The viewer is intended to make the connection between the overlap between the high drama of the ballet and Margot's own life. She adopts the role of heroine in numerous ballets and, with no thought for herself, does the same in real life. There is little distinction between the two.

As with most biopics, there seems to be one event or even thought which the writer considers the key to the soul of the subject. The clue to this sometimes comes from a parent who is often at least partially responsible for a particular trait or even kink.

In the case of Enid Blyton, her emotional development was stunted by the departure of her philandering father. Gracie Fields seems to have been seeking a way to let go of the ever-accelerating Rochdale tram that she had grabbed hold of as a young girl and from which she could never seem to release her grip.

For Margot, her mother BQ, assuredly played by Penelope Wilton, refers to her daughter's coping mechanism from childhood of packaging up elements of her life into neat boxes and stowing then away.

Considering the complexities of Margot's life as an ageing prima ballerina, this is entirely plausible. Margot is a pragmatist. She addresses problems and moves on. She improves her elocution with lessons and her nose and face with cosmetic surgery. Her arthritic feet are medicated or she just bears the pain. She overcomes a decline in her career by forging a famous partnership that thrills the world. Her husband is a philanderer and she compensates by an implausible affair with her new co-star. Her husband is injured and she sacrifices herself to be by his bedside and exhausts herself to earn the huge sums required to fund his private health care. She even learns to require payment by paper bags stuffed with cash.

Looking into Margot's slightly bewildered faun-like eyes during several recreated television interviews, one is never entirely sure that she completely grasps everything that is going on. Paradoxically, however, the dedicated and hard-working prima ballerina has tied up all the loose ends and each problem is neatly parcelled complete with its gorgeous bow.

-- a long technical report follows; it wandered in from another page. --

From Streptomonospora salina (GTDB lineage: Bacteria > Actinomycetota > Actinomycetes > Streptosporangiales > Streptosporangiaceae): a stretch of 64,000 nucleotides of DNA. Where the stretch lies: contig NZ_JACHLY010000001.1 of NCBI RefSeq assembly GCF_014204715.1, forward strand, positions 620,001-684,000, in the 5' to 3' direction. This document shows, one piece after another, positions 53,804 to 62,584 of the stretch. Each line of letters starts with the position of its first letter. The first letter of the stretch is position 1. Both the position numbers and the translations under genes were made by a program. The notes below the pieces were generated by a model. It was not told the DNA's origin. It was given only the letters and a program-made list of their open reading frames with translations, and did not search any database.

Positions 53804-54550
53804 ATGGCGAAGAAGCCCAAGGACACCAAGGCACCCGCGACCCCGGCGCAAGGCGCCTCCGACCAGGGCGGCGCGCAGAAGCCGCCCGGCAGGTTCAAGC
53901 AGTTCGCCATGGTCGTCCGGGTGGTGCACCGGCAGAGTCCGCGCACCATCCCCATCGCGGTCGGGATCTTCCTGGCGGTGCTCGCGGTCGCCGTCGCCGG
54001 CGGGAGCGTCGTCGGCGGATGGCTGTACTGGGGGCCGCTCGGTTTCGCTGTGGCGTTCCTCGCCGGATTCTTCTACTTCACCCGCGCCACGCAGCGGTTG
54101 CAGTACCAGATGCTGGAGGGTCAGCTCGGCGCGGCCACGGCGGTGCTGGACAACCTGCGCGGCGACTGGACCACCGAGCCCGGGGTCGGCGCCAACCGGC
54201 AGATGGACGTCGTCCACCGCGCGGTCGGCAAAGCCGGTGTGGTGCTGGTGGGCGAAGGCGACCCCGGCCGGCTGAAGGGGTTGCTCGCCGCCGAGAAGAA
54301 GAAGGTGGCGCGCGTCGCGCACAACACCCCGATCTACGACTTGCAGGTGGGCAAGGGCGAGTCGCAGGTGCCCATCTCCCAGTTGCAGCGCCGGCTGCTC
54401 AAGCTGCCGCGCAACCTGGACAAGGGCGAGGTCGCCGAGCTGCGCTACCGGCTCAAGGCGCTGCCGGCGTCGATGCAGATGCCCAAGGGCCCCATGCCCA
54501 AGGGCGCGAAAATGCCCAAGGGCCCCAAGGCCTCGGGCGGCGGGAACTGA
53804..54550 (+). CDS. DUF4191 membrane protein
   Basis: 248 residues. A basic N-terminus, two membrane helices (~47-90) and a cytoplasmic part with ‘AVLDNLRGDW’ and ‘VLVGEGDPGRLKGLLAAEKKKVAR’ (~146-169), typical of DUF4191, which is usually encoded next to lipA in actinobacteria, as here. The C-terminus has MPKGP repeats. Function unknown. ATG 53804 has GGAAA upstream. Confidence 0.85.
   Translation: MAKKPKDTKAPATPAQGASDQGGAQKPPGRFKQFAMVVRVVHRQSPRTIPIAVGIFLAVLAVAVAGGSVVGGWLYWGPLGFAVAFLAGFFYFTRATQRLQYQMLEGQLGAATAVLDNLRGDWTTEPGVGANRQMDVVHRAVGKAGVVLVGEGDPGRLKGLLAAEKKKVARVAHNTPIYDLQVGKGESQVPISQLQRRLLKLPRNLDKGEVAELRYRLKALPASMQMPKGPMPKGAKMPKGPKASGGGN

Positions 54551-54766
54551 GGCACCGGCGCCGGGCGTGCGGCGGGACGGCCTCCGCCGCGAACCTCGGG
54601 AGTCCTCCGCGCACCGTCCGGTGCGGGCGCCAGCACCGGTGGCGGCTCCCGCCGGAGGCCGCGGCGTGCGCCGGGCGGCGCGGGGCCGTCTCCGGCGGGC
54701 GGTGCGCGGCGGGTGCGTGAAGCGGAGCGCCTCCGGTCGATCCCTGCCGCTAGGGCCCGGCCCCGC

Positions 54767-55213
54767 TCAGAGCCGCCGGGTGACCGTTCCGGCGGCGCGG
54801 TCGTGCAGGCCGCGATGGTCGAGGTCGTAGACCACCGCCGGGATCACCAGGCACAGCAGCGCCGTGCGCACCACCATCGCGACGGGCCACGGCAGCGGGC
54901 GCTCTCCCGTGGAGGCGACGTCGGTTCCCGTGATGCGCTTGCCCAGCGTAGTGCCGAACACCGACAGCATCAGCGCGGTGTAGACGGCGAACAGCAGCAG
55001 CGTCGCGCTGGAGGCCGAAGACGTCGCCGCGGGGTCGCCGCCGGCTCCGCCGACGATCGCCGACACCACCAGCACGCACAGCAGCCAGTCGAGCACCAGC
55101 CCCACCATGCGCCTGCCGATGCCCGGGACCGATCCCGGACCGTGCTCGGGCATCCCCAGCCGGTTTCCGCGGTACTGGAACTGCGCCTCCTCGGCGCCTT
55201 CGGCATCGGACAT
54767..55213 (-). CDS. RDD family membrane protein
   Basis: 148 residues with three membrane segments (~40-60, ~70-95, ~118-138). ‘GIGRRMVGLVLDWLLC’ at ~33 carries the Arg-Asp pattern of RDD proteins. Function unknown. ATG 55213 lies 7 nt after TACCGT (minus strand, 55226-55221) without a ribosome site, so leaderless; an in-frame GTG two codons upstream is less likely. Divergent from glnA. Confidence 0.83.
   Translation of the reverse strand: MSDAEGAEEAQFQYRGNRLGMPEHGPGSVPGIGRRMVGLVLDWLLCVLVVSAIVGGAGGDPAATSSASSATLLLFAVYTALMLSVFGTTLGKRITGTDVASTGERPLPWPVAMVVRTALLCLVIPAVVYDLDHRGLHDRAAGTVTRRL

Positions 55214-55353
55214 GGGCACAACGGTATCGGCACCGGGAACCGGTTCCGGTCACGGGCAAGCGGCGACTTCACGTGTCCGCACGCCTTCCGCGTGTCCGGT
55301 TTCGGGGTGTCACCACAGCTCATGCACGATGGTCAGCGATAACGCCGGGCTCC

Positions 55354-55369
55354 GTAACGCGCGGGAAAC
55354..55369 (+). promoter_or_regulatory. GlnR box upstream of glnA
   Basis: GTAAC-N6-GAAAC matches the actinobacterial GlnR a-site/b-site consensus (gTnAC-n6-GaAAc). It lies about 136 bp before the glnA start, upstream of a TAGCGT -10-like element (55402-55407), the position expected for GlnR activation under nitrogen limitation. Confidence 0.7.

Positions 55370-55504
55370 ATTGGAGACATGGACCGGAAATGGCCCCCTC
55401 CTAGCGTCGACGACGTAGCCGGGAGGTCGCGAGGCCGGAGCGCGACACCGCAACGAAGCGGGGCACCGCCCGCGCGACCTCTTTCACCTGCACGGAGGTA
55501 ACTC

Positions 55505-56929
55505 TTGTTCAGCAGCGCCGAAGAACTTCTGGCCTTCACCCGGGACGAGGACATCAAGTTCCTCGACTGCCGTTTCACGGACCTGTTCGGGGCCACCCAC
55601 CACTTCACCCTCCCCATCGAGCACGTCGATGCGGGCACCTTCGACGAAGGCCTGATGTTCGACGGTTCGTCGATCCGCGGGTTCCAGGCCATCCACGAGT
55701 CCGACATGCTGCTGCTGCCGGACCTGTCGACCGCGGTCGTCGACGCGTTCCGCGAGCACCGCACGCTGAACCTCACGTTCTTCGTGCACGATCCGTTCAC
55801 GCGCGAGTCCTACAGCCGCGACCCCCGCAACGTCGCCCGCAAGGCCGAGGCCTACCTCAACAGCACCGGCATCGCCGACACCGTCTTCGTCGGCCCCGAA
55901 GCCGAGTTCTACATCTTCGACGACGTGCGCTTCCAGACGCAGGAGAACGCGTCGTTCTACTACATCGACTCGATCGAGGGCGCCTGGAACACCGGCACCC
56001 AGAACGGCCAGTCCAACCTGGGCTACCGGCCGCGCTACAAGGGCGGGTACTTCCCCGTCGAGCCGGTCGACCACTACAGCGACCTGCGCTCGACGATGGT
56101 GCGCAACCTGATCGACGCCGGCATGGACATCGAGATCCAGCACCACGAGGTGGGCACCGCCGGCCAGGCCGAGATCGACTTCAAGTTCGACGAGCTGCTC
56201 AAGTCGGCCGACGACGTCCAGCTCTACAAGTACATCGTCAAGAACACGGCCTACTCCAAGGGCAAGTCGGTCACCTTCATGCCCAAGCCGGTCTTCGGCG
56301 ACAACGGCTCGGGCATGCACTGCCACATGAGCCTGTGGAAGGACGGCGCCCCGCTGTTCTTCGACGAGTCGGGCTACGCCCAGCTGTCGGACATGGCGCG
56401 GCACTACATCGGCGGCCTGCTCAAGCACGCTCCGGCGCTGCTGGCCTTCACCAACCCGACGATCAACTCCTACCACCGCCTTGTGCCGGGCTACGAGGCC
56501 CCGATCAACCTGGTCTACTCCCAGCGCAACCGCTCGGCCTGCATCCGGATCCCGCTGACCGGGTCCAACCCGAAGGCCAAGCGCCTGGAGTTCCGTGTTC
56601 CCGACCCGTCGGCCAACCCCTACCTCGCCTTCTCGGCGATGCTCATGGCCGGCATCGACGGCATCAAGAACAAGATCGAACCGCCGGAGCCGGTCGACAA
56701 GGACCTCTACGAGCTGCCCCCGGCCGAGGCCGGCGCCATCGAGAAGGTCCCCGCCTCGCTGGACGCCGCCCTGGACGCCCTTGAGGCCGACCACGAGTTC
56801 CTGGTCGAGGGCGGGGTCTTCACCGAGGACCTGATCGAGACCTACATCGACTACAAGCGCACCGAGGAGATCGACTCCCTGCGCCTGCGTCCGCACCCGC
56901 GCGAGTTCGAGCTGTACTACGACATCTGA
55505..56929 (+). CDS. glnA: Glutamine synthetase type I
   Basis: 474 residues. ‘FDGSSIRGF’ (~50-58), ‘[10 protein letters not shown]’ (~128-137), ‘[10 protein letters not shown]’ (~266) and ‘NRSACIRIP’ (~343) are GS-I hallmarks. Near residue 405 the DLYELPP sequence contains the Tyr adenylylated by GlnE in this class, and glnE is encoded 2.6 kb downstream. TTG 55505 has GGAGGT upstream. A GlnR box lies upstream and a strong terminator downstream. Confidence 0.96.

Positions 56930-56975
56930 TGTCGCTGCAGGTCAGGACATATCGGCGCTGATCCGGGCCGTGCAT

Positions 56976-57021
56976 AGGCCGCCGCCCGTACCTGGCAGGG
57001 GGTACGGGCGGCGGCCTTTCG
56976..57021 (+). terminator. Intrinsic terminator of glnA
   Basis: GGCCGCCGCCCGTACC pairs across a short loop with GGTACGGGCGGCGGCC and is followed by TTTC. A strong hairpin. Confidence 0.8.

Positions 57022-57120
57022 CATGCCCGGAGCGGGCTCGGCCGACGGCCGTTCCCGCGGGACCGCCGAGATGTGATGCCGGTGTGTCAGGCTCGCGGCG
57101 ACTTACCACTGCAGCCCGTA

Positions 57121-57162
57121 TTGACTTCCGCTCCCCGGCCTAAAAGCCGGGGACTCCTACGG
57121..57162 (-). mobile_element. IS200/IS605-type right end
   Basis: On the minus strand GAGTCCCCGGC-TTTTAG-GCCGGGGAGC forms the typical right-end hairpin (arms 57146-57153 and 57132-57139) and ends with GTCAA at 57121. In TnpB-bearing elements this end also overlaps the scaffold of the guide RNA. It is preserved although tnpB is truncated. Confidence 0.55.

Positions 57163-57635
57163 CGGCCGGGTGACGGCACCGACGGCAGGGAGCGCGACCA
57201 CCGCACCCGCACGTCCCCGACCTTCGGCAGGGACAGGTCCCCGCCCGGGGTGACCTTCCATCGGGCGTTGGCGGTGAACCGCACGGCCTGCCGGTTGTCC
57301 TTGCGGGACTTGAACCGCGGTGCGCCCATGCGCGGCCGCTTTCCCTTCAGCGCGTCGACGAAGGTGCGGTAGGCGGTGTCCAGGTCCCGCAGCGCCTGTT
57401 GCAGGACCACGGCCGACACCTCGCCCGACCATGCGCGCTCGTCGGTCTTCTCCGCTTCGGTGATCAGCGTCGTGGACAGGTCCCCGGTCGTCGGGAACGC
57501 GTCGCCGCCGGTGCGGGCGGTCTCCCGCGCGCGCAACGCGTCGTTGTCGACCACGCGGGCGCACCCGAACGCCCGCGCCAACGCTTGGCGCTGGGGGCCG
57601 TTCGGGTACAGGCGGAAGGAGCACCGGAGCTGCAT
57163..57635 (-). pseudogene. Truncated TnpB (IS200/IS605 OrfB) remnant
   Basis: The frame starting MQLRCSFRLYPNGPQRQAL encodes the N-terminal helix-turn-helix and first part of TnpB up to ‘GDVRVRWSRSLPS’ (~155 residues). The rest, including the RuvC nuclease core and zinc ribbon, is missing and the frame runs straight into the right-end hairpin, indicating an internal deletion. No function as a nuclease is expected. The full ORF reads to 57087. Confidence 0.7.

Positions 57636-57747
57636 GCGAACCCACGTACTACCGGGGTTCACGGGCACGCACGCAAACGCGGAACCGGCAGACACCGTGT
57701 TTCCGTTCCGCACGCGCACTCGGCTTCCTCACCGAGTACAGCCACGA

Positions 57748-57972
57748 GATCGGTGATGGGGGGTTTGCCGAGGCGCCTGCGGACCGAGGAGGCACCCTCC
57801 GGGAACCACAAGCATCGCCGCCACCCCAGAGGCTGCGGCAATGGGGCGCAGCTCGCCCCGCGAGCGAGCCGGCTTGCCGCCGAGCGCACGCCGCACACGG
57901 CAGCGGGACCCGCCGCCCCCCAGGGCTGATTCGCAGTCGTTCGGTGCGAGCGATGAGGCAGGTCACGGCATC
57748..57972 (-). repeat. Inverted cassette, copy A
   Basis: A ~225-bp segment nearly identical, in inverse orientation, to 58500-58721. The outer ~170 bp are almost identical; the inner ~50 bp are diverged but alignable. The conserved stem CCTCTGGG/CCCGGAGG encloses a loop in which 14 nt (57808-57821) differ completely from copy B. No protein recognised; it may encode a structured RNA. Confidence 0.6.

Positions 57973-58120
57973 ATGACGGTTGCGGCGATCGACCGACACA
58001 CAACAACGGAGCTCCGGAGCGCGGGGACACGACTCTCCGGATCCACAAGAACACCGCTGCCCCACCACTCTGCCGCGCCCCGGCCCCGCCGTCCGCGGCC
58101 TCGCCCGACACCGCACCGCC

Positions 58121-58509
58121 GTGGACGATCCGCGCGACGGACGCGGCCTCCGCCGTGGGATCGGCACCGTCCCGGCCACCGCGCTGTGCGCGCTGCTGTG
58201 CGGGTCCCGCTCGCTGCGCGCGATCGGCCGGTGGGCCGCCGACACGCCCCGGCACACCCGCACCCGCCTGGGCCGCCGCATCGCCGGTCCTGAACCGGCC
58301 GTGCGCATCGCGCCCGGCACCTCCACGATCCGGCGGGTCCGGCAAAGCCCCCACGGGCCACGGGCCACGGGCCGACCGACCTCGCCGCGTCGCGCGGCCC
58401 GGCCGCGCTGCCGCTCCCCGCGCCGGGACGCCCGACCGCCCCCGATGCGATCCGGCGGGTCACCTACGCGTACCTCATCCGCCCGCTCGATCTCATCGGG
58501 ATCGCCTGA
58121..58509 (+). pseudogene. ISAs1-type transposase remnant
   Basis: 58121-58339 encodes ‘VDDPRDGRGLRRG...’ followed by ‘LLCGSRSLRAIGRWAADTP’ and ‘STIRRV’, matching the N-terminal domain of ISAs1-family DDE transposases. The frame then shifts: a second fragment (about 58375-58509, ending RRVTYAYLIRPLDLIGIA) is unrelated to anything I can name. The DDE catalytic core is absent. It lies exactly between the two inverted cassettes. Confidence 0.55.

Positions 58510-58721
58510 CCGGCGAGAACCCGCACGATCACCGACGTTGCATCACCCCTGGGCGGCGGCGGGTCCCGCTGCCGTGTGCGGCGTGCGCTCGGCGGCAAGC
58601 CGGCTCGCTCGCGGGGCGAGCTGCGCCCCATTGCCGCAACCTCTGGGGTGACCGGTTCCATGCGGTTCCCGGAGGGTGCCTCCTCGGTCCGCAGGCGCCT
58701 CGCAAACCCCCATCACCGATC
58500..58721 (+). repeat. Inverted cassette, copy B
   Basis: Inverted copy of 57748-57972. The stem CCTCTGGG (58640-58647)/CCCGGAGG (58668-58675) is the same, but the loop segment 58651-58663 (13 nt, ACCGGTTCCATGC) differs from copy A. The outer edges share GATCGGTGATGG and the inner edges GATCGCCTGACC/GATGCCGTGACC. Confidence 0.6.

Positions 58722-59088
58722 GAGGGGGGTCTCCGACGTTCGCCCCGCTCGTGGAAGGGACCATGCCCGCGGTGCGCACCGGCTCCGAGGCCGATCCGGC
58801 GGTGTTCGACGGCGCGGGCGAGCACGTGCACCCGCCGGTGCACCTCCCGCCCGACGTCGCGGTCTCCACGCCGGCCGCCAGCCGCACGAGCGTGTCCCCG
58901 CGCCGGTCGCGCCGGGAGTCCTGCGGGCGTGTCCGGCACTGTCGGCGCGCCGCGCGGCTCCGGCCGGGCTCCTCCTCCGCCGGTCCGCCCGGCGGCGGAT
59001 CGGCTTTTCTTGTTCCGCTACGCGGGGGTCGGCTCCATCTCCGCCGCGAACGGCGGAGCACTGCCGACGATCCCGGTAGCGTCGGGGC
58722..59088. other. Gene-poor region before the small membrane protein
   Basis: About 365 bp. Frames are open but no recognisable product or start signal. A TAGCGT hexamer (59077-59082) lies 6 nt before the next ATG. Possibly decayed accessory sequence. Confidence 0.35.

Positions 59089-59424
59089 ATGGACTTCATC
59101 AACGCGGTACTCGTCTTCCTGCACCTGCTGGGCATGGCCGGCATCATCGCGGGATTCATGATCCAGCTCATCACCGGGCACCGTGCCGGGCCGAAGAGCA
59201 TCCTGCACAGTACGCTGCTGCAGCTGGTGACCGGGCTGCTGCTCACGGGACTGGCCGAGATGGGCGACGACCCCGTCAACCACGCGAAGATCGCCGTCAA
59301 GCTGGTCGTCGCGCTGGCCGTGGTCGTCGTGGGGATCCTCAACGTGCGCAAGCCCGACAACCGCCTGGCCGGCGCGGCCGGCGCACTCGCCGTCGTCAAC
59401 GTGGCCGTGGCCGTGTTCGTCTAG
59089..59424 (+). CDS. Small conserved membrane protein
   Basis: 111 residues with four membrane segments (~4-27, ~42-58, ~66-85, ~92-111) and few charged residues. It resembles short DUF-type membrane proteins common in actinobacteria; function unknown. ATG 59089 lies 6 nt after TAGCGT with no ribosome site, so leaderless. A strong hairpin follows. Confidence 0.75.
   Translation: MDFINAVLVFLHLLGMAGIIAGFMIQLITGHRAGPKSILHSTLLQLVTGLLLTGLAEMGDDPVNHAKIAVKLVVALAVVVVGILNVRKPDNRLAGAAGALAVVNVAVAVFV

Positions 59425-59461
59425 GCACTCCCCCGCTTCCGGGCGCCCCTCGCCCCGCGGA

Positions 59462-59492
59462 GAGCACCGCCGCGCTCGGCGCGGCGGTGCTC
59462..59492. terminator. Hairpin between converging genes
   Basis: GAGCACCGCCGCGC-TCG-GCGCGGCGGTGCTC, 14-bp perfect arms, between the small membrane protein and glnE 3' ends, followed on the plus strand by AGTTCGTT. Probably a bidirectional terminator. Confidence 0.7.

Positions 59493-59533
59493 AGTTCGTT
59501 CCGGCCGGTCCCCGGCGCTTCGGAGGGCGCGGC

What is unclear however is the extent to which Margot always succeeded in distinguishing the extreme romance of the exotic plot of the ballet from the melodrama, heights of adulation and depths of despair of her real life. Once each element was neatly in its box, it must have been difficult to distinguish one from the other.

As ever with biopics, the sting comes with the pithy statements over the end credits. We learn that Margot continued to perform into her 60's, despite being ravaged by arthritis brought on by the rigours of a dancer's life. Margot and Arias retired to live in poverty on a Panamanian ranch followed by their respective reletively early deaths. Thus everything that one feared fate had in store for them tragically came to pass, as it did with the death of Nureyev from AIDs some years later.

Unlike "Enid" and "Gracie!", it was difficult to grasp everything that "Margot" had to say. More questions were left unanswered. The viewer is not certain whether Margot and Rudolf were lovers. Nor is it clear whether the price paid for global superstardom and an ascent to the absolute summit of grace and beauty in the art of ballet was worth the physical and emotional agonies it entailed. Armed with her capacity to pack up and put away life's problems and a comprehensive blurring of the margins of art and real life, I suspect that Margot Fonteyn prima ballerina assoluta would not have had it any other way.